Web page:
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Pulmonary Surfactant Protein-A (SP-A) Reduces Adverse Outcomes In a Rat Pup Model of Necrotizing Entercolitis (NEC)

Saturday, October 20, 2012: 9:40 AM
Room 353-355 (Morial Convention Center)
Hector Quintanilla, MD1, Joseph Alcorn, PHD1, J. Marc Rhoads, MD2, Yuying LIU, PHD2, Nicole Fatheree2, Constance Atkins, BS1 and Weizhen Bi, BS1, (1)Department of Pediatrics, Neonatal-Perinatal Medicine, University of Texas Medical Center at Houston, Houston, TX, (2)Department of Pediatrics, Department of Pediatric Gastroenterology and Nutrition, University of Texas Medical Center at Houston, Houston, TX


While necrotizing enterocolitis (NEC) is one of the leading causes of morbidity and mortality in premature infants, its etiology is incompletely understood and specific treatment strategies are lacking.  It is thought that NEC arises from ischemic injury of the immature gut, but enteric feeding, abnormal bacterial colonization, inflammation, toll-like receptor activation and damage from free radicals in the gut play major roles.  The expression and activity of pulmonary surfactant protein A (SP-A), a protein central to innate immunity of the lung, has been shown to impact or be impacted by many of these same factors. Others have reported that SP-A null mouse pups raised in a non-sterile environment had significant mortality that was associated with considerable gastrointestinal tract pathology resembling NEC, but no lung pathology.  Furthermore, purified human SP-A delivered by mouth to the pups improved survival.  In light of these findings and the fact that SP-A is expressed in the gut, we hypothesized that SP-A could play a role in the development of NEC.  


NEC was induced in newborn Sprauge-Dawley rat pups by formula gavage and intermittent episodes of hypoxic stress over 4 days. In this study, newborn pups were gavaged daily with formula with (FS) and without (F) 5 µg of purified SP-A.  NEC was induced in the pups by 10 min of hypoxia (H)(5% O2) thrice daily. Surviving pups were sacrificed distal 2 cm of terminal ileum was harvested for morphological studies, analysis of cytokine levels and SP-A expression.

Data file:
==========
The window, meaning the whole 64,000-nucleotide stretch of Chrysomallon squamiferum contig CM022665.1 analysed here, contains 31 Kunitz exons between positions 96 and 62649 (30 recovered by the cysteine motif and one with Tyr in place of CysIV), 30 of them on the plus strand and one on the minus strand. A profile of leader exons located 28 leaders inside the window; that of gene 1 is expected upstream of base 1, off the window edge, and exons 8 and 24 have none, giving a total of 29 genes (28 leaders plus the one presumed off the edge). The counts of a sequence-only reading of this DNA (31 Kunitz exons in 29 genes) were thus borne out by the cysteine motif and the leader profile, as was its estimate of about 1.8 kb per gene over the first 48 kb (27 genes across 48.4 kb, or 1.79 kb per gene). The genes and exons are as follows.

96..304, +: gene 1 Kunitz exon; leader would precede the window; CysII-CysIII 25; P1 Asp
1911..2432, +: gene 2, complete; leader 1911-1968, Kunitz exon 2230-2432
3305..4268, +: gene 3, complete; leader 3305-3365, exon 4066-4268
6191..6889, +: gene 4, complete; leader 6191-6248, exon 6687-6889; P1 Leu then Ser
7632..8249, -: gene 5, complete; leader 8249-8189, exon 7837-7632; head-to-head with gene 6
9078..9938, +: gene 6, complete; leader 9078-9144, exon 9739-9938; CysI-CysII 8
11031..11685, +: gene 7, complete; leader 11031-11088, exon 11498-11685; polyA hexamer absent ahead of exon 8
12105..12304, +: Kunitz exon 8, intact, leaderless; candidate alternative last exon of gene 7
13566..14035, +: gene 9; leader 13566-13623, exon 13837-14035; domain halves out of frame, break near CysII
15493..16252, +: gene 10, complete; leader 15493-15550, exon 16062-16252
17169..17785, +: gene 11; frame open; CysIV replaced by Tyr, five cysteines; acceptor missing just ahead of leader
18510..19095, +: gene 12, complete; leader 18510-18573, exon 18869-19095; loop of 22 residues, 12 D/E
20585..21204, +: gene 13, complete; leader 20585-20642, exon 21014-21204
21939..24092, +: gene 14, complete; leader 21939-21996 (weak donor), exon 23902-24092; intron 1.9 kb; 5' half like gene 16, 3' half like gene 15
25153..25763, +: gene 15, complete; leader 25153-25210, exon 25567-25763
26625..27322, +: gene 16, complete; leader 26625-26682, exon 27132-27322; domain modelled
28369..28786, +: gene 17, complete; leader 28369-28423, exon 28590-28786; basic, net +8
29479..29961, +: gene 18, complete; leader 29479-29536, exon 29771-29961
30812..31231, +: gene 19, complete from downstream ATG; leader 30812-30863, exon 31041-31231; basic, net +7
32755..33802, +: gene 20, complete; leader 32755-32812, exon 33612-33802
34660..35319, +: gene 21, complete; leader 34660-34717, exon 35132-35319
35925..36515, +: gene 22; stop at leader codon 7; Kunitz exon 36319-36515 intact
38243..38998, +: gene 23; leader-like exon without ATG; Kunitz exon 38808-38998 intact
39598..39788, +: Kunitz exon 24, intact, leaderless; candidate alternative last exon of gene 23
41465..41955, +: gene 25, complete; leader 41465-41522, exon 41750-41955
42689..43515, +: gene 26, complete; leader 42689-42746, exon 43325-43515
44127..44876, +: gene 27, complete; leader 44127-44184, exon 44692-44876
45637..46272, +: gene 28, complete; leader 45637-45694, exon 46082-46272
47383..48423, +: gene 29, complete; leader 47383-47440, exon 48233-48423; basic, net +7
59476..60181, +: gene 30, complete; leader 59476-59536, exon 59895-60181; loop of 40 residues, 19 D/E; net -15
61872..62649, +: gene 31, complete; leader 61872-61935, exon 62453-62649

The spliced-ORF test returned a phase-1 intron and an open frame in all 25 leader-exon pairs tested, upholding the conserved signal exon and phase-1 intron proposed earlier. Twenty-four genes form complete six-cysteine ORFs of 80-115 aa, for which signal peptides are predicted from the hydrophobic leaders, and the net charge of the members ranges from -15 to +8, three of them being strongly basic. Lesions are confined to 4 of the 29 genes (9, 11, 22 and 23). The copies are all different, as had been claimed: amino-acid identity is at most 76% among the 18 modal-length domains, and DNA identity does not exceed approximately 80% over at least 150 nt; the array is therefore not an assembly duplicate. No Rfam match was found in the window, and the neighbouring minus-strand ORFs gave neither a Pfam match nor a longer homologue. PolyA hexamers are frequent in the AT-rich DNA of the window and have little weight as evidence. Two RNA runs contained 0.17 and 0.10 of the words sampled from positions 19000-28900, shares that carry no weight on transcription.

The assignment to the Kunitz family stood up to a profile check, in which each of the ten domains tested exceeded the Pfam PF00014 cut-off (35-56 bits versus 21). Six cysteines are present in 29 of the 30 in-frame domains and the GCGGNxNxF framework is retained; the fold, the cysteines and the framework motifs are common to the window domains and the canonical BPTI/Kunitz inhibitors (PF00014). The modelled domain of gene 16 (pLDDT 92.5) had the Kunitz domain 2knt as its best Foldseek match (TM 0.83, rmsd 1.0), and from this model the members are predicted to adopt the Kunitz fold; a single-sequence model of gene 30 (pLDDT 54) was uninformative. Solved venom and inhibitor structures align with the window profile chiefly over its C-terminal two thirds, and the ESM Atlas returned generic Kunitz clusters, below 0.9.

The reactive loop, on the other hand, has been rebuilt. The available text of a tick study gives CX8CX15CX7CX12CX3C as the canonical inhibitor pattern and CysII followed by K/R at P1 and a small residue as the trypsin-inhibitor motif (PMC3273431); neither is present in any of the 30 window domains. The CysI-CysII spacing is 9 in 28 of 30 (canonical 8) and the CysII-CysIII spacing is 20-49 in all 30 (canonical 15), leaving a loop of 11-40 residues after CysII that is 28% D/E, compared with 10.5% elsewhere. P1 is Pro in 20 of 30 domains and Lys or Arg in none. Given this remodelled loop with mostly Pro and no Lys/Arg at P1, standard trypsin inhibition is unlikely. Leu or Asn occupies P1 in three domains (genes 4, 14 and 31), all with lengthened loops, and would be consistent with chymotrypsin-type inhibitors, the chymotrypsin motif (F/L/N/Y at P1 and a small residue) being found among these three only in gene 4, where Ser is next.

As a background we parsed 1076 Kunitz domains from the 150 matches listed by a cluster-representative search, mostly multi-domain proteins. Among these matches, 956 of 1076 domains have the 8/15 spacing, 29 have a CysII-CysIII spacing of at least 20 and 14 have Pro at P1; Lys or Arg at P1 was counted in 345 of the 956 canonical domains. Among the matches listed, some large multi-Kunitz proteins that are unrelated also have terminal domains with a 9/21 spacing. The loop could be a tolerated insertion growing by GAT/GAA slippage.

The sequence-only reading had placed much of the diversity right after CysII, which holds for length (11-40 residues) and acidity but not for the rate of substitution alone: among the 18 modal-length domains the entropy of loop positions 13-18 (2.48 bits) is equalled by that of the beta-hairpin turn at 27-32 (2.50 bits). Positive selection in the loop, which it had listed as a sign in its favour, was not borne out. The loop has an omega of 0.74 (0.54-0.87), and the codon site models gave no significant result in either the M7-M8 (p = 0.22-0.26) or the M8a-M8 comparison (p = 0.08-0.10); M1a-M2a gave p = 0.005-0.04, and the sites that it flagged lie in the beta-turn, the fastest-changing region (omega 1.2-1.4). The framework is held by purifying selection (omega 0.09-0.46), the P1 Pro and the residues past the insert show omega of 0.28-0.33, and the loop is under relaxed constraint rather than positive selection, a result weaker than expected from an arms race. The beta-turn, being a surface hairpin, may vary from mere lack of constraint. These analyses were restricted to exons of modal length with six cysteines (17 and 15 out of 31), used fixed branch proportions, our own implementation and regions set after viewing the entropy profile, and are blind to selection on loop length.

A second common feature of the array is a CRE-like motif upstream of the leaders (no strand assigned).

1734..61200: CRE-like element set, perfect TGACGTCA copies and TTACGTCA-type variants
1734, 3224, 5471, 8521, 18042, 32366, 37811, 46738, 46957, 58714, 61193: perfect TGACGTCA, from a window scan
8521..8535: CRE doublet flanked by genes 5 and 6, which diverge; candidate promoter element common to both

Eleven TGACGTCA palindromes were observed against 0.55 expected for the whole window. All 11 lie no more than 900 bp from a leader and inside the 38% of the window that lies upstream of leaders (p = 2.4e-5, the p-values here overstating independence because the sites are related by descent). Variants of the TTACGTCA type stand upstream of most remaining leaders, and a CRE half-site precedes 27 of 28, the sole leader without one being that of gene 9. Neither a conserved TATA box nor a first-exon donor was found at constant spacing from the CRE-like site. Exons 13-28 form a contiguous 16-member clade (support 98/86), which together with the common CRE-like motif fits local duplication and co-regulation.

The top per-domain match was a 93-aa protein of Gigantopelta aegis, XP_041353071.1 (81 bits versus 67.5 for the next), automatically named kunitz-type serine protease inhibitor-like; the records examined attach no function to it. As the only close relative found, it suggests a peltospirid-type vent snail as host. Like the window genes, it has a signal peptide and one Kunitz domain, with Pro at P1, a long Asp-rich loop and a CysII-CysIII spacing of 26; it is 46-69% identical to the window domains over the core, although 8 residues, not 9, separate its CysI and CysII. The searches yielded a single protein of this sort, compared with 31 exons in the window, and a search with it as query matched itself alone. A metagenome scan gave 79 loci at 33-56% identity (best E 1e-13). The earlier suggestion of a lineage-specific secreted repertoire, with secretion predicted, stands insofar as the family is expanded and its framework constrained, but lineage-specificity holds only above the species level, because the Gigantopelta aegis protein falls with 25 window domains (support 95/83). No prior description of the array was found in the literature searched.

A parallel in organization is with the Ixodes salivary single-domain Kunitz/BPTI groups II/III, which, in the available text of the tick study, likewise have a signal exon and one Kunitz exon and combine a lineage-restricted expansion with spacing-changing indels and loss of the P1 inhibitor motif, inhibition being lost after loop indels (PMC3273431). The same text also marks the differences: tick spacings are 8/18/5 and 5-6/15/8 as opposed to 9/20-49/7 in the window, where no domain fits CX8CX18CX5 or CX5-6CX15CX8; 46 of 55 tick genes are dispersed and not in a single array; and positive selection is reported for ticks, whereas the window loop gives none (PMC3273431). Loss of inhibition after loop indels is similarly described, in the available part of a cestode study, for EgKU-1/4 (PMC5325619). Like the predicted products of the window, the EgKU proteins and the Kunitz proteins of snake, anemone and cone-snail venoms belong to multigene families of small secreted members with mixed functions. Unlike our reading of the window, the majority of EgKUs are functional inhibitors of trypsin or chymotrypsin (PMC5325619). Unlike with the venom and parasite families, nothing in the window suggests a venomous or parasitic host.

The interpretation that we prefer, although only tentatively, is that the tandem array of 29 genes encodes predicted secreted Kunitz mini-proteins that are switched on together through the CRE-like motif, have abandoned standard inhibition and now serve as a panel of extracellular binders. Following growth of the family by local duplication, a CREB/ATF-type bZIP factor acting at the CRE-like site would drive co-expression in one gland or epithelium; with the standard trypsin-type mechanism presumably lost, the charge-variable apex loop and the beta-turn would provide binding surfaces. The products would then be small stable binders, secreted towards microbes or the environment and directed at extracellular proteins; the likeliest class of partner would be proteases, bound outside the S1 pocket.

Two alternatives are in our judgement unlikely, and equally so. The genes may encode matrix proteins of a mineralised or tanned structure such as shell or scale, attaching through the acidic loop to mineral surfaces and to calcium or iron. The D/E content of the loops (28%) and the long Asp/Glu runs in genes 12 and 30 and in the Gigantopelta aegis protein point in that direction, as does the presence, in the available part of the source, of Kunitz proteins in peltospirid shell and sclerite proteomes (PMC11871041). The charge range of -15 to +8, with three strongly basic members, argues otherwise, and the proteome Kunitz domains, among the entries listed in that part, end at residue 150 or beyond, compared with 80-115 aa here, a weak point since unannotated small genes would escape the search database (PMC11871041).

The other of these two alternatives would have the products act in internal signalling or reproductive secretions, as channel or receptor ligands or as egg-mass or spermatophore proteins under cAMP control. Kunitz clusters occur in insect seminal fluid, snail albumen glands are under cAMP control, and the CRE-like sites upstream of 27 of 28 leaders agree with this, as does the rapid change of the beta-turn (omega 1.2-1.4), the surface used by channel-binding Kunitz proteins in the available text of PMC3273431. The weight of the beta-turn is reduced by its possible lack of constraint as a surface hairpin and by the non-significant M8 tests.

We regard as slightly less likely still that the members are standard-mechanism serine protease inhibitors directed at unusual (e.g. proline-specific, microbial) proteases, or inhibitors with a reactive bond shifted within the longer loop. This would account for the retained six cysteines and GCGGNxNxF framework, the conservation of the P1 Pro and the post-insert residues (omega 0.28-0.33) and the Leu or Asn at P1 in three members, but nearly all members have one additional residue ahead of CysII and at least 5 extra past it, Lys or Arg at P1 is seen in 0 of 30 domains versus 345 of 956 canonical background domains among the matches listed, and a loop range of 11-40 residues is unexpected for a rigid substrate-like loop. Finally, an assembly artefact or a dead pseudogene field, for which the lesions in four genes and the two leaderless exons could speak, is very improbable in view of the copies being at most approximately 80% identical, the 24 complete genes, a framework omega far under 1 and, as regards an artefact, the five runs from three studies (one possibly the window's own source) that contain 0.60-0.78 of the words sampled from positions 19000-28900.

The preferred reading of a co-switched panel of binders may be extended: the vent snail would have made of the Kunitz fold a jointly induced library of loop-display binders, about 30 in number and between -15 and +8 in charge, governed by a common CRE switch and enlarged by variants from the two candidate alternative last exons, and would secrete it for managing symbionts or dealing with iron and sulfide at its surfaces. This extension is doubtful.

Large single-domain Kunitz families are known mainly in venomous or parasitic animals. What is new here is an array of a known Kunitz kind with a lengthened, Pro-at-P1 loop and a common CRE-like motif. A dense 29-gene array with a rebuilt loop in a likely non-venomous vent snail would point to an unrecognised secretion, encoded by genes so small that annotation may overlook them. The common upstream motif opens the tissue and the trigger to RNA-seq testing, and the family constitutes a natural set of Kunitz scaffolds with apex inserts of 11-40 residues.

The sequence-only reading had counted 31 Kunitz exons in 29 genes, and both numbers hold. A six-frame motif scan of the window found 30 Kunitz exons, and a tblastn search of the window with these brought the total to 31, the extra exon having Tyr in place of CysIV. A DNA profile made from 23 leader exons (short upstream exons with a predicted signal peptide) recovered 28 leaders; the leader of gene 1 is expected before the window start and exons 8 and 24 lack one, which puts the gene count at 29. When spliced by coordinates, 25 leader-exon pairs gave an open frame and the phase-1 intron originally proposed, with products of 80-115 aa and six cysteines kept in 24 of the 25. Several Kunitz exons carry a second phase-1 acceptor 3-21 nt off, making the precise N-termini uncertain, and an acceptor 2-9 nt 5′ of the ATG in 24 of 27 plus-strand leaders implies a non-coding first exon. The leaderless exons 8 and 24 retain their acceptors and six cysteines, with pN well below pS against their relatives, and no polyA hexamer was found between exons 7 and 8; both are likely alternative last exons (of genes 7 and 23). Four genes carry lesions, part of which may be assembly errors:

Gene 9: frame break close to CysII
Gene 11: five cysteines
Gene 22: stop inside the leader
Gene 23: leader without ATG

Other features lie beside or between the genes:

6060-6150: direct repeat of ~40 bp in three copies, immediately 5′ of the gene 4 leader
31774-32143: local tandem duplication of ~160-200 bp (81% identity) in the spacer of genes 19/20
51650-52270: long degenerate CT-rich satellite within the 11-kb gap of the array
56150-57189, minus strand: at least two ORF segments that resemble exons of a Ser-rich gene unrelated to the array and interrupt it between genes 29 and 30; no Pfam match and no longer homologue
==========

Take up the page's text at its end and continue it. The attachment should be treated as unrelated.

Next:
Survival was 65% in the hypoxic pups (FH), while survival was 95% in the hypoxia pups treated with SP-A (FHS), indicating a protective effect of SP-A.  NEC was assessed by histological examination of ileal sections and a 4 point (0-3) scoring system based on severity where scores ≥2 are defined as having developed NEC.  28% of the F pups had histological NEC while 18% of the FS pups were assessed to have NEC.  As expected, a majority (61%) of the FH pups had NEC, while SP-A administration significantly reduced NEC in hypoxia-treated pups (FHS) (15%), P(FH vs FHS) = 0.021, as determined by chi square analysis. 


Expression of SP-A in the lung and gut was not significantly changed by SP-A treatment.  Induction of NEC increased interleukin-4 (IL-4), IL-5 and interferon- levels in the gut (determined by ELISA). These cytokines were reduced 2-fold by the presence of SP-A.  These results suggest that while NEC does not alter endogenous SP-A levels in the gut or lung, exogenous SP-A significantly reduces histological assessment of NEC in this model and favorably alters the cytokine milieu of the gut.